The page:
It is only a six-hour flight time radius from any other country in APAC, positioning it at the nexus of connectivity to Eastern and Western markets. A JLL study cited in Forbes found that China’s cities were most connected to Singapore, which means the tech giants mentioned above have access to a talented resource pool of software engineers and growth employees. 

And because software engineering talents are mobile and fluid, the best and brightest will be eager to move wherever they feel will provide job satisfaction and greater access to cutting-edge research or tech. 

They can easily find it in Singapore, specifically one-north: A tech-oriented, research and development precinct in District 5 that houses prestigious tenants, such as Google, Grab, Shopee, and Unilever. 

Punggol is soon to follow, slated to be developed as a tech hub in the North-East area, a digital district projected to create 28,000 tech jobs and make room for the next mini-Silicon Valley.

Singapore has an entrepreneurial environment that fosters innovation

With unicorns or billion-dollar startups peppered across the nation, Singapore has also proven itself to be a top entrepreneurial ecosystem with a flourishing marketplace characterised by innovation, collaboration, and research.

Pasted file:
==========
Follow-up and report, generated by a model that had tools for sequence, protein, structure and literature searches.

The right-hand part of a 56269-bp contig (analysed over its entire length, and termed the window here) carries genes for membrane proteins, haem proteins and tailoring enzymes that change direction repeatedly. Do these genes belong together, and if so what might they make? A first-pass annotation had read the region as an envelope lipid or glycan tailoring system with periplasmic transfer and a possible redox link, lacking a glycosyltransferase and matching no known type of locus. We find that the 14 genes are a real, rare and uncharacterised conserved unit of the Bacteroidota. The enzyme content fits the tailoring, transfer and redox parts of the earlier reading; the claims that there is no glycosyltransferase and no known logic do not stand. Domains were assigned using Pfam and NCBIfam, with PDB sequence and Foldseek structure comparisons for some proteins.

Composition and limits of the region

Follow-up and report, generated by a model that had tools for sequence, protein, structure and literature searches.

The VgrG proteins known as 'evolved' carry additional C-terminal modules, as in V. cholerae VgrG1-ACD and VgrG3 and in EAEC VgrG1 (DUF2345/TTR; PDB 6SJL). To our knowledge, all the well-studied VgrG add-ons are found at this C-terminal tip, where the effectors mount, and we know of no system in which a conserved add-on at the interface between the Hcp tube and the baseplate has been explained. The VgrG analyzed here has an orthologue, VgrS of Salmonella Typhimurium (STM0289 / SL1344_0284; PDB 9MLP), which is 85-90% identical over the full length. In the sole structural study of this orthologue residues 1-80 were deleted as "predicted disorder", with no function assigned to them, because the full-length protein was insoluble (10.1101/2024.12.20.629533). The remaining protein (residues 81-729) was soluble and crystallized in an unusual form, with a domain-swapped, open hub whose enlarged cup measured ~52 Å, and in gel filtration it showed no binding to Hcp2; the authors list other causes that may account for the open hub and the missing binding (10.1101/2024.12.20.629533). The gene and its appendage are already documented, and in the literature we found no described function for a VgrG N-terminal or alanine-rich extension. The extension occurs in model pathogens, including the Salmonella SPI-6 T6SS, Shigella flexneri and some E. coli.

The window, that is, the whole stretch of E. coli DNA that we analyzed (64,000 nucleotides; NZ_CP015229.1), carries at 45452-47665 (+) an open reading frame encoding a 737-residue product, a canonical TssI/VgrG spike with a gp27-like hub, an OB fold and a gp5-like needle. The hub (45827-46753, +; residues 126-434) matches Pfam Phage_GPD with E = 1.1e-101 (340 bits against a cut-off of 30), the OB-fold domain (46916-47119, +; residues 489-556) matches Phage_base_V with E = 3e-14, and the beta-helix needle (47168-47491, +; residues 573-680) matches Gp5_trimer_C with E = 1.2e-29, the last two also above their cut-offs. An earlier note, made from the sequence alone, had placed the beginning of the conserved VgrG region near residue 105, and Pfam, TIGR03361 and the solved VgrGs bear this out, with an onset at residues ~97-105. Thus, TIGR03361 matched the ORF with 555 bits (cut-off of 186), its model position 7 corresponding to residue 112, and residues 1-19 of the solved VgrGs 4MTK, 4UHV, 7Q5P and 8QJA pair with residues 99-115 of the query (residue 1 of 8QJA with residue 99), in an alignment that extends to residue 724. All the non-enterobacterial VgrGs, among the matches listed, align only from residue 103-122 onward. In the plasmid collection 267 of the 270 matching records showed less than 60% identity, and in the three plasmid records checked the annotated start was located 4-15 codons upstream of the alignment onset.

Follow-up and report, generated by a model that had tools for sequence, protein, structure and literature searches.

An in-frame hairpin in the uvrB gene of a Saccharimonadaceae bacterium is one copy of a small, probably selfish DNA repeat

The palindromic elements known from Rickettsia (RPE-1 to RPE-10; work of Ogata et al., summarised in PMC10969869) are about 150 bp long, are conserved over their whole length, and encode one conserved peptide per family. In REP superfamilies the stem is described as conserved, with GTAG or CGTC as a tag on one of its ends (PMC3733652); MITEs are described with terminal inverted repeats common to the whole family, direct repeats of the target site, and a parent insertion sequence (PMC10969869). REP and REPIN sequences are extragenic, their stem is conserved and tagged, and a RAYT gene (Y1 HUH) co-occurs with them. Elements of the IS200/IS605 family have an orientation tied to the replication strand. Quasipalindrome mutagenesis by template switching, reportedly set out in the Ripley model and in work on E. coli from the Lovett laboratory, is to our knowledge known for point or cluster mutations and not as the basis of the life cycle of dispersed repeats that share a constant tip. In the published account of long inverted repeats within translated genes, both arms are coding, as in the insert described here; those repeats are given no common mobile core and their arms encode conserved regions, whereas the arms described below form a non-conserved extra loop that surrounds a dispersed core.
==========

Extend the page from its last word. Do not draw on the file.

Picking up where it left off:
For example, one-north is a hotbed for key growth sectors, mainly info-communications technology and startups found in the Biopolis, Fusionopolis, and Mediapolis developments.

Besides the wide array of possibilities for businesses in Singapore, we cannot disregard the local government’s effective COVID-19 response, which also plays a crucial part in attracting foreign talents and investors.

With more than half of the population expected to be vaccinated by the third or fourth quarter of the year, it is no question why Singapore is an ideal destination for many, especially tech companies. 

A deeper look into the key tech players moving to Singapore